Getting feedback isn't always easy to handle, but we need to hear it to grow and learn. Feedback can take many forms—from formalized feedback in performance reviews to more informal feedback such as:
- Code reviews
- Peer reviews of writing
- Comments for a speaker
- Recommending revisions to a resume
There is an art to giving, asking for, and receiving feedback in a way that is actionable and helps people improve. To narrow down this topic, I'll focus on feedback related to writing (as that is one of my specialties), but many of these lessons apply to any type of feedback you need to give or receive.
Tips for giving feedback
If you've been asked to give feedback, first, confirm you understand what type of feedback is being requested. The person asking for feedback should provide guidelines for what you should focus on. If you don't know what type of feedback to give, ask. Also, make sure to ask when they need the feedback. If you can't meet their deadline, let them know. Maybe the timeline is flexible. If not, they have the opportunity to find somebody else to help.
It's OK to say no—a short message declining the request and explaining why is much better than ignoring it and potentially making the person miss their deadline.
Content vs. style
There are many different ways to write a sentence, and everybody has their own style. Focus on the content of what was said rather than how it was said. Unless you've been explicitly asked to help rewrite an article, don't worry if you would have said something differently. If the correct meaning is conveyed, that is what matters.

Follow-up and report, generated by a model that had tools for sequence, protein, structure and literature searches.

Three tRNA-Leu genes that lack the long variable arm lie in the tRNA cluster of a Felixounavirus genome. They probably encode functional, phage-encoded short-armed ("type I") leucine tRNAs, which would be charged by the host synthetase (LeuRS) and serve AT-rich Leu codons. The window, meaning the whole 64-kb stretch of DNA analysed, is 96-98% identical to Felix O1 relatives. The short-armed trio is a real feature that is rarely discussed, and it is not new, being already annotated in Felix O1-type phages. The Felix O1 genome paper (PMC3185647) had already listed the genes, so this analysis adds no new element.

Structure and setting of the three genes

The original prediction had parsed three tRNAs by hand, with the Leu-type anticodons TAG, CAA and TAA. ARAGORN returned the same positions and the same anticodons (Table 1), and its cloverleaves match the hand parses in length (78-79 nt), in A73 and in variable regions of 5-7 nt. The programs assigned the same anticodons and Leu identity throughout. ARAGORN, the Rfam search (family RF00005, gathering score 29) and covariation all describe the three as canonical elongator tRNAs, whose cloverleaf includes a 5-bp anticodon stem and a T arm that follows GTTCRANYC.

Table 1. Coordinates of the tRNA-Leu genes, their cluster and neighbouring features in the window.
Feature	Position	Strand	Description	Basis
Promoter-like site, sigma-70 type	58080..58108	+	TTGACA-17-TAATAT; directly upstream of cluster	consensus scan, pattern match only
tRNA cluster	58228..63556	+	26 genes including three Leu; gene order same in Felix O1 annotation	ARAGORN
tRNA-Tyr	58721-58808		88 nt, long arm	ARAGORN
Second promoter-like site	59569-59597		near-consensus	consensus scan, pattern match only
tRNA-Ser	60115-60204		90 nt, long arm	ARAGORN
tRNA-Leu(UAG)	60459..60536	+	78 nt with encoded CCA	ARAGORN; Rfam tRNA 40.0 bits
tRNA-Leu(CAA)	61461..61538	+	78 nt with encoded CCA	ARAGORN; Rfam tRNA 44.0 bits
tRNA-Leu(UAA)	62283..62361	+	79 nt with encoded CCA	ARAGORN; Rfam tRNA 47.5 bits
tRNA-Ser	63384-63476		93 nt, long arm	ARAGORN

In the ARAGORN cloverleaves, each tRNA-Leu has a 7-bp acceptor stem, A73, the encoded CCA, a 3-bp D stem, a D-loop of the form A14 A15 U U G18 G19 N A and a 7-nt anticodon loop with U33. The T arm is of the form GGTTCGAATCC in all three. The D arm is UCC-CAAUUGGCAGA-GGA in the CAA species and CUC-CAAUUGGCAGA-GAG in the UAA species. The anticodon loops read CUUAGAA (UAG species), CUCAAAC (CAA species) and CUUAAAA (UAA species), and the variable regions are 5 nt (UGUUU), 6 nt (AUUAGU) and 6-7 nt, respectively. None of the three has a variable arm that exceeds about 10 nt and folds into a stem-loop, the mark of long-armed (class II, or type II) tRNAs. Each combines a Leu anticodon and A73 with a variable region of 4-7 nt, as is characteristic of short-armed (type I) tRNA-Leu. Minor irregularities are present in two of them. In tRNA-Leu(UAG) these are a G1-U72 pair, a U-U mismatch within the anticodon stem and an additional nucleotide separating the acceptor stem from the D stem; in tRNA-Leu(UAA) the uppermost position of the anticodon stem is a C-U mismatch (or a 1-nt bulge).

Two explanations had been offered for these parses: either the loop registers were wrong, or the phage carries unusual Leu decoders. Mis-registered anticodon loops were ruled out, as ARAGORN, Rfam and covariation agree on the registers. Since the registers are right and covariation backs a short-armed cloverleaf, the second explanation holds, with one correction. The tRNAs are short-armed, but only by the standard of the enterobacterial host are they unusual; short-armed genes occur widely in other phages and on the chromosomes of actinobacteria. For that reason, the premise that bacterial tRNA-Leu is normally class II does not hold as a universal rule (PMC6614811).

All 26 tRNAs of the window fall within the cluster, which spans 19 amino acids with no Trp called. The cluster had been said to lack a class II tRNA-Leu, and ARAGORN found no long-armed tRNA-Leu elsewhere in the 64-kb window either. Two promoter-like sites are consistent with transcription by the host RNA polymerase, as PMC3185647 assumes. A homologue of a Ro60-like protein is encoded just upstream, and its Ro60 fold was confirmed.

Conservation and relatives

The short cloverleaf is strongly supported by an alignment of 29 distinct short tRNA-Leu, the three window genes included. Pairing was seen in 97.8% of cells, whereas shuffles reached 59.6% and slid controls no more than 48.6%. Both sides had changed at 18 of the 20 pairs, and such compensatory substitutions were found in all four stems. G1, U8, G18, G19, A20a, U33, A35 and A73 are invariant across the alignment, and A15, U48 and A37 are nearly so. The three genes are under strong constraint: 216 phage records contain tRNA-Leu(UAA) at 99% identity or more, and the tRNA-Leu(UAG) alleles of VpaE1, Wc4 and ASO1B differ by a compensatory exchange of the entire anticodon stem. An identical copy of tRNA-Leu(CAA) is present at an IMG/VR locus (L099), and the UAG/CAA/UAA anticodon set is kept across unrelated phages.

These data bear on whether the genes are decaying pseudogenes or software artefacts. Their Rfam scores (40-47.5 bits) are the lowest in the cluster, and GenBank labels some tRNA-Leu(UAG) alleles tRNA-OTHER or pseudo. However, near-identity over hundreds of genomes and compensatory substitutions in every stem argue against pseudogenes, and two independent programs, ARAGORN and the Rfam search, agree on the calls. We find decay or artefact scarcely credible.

For example, these sentences all say roughly the same thing.
A large part of building and operating software is learning what works and what doesn't.
Software engineers spend a great deal of time determining what works and what does not work when building and operating software.
Software engineers expend a considerable amount of time ascertaining the effectiveness and interoperability of software and hardware.
The "right" version has everything to do with the writer's and the audience's preferred style.
This doesn't mean you shouldn't be concerned about clarity. If something is unclear, speak up. It helps when you provide context about why you found something confusing or vague (again, clarity matters). The writer might not know where you are getting hung up.
This is unclear feedback:
- "This is confusing."
- "What do you mean here?"
Better feedback (this is all real feedback I've either given or received recently):
- "I think this could use a little clarification on what you mean by 'we.'"
- "Do you mean a team with a single project, or do you mean to choose a single team?"
If you have time and it's possible, provide suggestions on how it can be made clearer for you, such as:
- "On a hasty reading, I initially misinterpreted this as claiming x (whereas obviously, you meant the opposite)."
Twice as nice
Read the entire content at least twice. The first time you read it, don't leave any comments or make any suggestions; just read to see what information is covered. Otherwise, you might suggest that a specific topic should be included—then see it two paragraphs later.